• Use checklists for assignments to make sure all parts are completed
General Strategies
  • Use visual reminders such as pictures of the daily schedule, pictures of what a clean desk should look like, pictures of how to stand in line
  • Review behavior expectations before activities
  • Keep a consistent schedule and routines
  • Brain exercises – look for computer games and video games that stress focus, attention, and control
  • Maintain a positive, close relationship
  • Allow wiggling, standing by desk, etc if it doesn’t interfere with working
Most important of all: Provide FREQUENT positive feedback. This should be at least four times as many positive comments as corrections. Children who are struggling with ADHD in the classroom needs lots of support to know when they are doing the right thing. Even if you catch the child doing something positive for a half a minute - give positive feedback!

Please share in the comments any strategies you've found helpful.


  1. Alex Mueses

    Wow, there are so many strategies, i do not have any experience working with children with ADHD, and i cannot wait to work with children with this disorder, so that i get to practice these strategies. I am sure it would be an extraordinary experience by having the opportunity to engage them getting to the next step.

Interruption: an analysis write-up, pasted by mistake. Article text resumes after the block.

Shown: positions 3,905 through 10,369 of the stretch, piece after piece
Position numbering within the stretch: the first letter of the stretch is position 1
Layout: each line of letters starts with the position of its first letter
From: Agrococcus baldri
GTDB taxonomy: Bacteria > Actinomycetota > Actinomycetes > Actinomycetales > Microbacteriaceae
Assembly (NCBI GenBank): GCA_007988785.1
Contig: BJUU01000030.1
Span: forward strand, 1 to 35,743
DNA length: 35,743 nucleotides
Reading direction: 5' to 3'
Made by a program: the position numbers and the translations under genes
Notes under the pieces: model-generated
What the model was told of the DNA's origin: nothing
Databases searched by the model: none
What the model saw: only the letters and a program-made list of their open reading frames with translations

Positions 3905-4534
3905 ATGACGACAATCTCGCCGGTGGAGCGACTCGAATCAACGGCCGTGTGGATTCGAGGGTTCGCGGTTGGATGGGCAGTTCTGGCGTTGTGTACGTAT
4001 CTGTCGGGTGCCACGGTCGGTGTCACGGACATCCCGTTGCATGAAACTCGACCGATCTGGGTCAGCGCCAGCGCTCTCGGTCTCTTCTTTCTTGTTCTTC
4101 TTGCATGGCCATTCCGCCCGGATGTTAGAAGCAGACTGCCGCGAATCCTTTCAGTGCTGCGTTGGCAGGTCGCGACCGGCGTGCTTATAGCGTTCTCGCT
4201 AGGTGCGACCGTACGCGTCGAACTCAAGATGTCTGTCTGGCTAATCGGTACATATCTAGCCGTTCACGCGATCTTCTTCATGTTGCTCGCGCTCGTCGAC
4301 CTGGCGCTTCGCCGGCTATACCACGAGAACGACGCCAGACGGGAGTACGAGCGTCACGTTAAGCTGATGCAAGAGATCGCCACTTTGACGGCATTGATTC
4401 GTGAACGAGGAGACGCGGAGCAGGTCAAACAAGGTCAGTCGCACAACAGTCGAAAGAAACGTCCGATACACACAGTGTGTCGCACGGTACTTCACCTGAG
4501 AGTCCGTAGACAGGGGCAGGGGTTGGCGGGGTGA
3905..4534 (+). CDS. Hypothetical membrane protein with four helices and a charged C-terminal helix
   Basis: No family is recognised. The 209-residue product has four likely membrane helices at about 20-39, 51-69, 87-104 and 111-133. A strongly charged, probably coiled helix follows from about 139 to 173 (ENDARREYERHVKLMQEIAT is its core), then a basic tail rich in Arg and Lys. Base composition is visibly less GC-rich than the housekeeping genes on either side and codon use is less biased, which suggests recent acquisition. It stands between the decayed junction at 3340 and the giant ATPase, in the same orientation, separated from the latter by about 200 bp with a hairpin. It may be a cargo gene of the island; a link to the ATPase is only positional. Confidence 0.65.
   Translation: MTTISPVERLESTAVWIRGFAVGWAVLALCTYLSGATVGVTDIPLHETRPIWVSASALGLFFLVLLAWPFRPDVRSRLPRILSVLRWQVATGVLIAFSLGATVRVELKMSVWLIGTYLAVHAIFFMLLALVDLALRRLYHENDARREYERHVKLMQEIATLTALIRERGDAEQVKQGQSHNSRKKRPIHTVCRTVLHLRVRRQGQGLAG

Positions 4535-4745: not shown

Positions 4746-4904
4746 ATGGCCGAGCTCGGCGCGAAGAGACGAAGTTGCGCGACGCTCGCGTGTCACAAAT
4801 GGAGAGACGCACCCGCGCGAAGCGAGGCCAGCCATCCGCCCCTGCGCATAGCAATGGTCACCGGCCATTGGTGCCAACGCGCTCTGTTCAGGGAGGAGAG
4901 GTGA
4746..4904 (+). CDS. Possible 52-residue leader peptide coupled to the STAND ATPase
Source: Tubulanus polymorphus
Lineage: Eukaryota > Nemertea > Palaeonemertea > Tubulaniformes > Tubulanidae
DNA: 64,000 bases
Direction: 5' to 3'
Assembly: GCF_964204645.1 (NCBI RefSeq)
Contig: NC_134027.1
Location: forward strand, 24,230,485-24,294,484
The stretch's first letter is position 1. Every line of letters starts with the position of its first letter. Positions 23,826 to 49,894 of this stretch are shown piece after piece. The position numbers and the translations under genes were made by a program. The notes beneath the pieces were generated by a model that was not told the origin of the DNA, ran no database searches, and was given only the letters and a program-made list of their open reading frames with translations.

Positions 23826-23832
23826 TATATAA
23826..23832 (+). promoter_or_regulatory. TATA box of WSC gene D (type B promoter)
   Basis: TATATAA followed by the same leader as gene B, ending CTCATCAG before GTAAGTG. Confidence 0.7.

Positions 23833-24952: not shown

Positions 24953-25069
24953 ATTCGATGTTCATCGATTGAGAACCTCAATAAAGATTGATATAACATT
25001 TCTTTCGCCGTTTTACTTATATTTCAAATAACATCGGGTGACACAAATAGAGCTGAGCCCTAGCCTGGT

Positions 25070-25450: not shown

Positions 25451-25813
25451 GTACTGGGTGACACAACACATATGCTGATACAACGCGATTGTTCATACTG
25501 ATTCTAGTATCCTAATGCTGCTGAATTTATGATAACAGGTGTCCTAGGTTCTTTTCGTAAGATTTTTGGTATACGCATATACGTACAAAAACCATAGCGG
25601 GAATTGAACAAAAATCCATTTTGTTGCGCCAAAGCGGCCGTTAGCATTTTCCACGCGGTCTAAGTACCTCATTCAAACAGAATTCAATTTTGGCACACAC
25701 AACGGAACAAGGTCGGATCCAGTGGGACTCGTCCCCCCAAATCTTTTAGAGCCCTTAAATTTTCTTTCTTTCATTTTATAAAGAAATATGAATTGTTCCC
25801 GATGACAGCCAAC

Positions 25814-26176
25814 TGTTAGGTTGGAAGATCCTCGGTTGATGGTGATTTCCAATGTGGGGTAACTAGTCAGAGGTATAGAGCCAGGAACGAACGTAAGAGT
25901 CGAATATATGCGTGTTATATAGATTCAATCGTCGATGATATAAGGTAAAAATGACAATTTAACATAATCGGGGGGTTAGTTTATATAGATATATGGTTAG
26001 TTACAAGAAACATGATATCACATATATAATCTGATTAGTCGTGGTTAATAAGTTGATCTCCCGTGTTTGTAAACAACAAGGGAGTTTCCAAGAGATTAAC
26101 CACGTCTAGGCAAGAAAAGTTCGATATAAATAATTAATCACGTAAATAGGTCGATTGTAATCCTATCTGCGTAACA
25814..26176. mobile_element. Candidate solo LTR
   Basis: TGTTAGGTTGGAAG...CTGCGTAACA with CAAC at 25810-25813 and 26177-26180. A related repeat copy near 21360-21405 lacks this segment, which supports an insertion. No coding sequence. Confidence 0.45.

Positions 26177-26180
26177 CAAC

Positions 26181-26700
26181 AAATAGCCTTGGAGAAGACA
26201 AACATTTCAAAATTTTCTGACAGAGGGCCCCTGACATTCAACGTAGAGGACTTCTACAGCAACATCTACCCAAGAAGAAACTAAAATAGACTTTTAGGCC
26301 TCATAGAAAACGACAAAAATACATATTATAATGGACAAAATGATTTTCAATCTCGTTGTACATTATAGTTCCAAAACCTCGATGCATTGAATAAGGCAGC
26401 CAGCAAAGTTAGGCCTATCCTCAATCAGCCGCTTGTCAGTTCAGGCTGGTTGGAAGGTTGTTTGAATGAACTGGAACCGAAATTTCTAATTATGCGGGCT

2. This is my dream to actually work with children who experience this disorder. In my opinion, that is not a bad disorder. With all of the solutions out there, educators only have to do research and educate themselves to care for the disorder. Many of them are very imaginative, creative, has excellent thinking skills better than me, and they are exceptional energetic inventors. When all is said and done they are still human beings that need loving tender care. They have a wonderful sense of humor that individuals find irresistible. I hope that soon I could accomplish this goal.

  3. Alex and Alicia - you have a wonderfully positive attitude. It can be very challenging and stressful to work with children who have difficulty with executive functioning, however, having strategies to use makes it easier. And of course, having a positive attitude and plenty of patience is the key!!

  4. One of the main challenges that I've had with working with children diagnosed with ADHD is not knowing what to do! Often children are "thrown" into Special Needs classes and there isn't any professional development workshops to help the teachers help the students. These strategies will mark my start with helping those within my reach! Thanks Dr. Rand!

  5. Lucille - let us know how you make out with any of these strategies. It would be great to have your feedback and share your experiences!

  6. Cassandra DonnejourOctober 22, 2011 at 7:56 AM